My life has been the poem

National Poetry Month, Day 14 // “Life is what happens to you while you’re busy making other plans,” John Lennon sang in “Beautiful Boy.” The song was recorded in 1980, but the phrase was a variation of one printed in 1957 in the “Quotable Quotes” column of Reader’s Digest. I don’t know how long before that it first appeared in print, but it appeared in experience much earlier.

The theme is at least as old as the Christian scriptures, perhaps most notably in Jesus’ parable of the great banquet (Luke 14:15-24). There a religious leader speaks of his hope of having a place in a future kingdom of God. With everything about his life, he plans to be included in that great banquet. But Jesus says to him: This is the life you’ve been hoping for. While you’ve been busy planning for the future, the life you’ve been hoping for is happening to you now.

While working as a semiprofessional photographer, I discovered that I could not both record an event on film and be a full participant in it. By observing it through the lens of a camera, I imposed some distance, however slight, between it and me. It was a distance I could close only when I laid aside the camera. Similarly, looking ahead to what may lie in the future imposes some distance, however slight, between me and the reality in which I live today. I can’t simultaneously believe there it is and fully trust Jesus when he says here it is.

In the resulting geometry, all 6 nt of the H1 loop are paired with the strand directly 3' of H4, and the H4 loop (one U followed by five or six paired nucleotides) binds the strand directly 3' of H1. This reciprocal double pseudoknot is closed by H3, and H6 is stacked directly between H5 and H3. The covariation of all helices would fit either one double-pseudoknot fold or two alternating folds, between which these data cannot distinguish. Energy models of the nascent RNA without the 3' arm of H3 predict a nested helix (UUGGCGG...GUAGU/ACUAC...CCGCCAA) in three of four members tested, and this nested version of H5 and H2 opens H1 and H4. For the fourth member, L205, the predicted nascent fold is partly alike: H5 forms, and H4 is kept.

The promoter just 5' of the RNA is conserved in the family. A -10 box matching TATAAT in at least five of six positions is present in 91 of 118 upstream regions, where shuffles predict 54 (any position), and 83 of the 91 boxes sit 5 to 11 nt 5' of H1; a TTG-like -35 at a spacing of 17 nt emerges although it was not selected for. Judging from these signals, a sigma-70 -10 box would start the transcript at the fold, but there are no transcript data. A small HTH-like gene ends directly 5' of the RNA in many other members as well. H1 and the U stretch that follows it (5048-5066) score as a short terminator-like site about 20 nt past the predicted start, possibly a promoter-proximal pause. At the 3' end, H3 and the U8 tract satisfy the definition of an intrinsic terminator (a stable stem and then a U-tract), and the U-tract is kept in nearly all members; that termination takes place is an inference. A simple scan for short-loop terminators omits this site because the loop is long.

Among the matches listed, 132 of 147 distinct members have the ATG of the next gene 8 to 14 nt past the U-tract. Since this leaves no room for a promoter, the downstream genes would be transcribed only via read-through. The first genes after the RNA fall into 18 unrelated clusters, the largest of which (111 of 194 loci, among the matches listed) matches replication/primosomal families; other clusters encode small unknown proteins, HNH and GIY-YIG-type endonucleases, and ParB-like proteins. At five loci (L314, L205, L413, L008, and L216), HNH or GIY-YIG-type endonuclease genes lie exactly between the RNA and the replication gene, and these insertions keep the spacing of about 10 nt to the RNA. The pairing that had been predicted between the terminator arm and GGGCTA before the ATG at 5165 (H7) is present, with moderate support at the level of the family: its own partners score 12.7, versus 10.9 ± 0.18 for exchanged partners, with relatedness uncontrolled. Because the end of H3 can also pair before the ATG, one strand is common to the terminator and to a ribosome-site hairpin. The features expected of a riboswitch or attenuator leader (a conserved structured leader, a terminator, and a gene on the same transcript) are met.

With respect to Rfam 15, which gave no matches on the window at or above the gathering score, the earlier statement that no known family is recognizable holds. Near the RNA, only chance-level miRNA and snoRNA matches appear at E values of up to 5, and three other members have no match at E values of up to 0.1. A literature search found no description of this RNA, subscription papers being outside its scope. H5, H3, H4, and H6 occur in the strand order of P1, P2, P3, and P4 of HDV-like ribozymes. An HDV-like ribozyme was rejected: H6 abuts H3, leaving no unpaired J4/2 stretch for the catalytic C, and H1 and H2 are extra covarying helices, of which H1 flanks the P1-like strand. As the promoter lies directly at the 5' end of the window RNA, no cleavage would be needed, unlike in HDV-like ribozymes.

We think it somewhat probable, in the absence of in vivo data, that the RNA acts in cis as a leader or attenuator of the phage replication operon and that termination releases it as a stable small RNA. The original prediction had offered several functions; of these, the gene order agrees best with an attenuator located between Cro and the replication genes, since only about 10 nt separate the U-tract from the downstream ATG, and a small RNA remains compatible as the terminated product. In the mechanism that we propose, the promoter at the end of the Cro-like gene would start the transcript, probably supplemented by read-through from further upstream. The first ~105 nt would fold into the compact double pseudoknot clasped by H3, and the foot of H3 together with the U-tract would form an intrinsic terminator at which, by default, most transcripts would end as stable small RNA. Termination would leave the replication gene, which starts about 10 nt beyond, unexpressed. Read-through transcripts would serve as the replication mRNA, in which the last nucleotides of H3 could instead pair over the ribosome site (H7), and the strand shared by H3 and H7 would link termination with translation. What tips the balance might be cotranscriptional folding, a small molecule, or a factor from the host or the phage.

“My life has been the poem I would have writ,”
by Henry David Thoreau (1817-1862)

My life has been the poem I would have writ,
But I could not both live and utter it.

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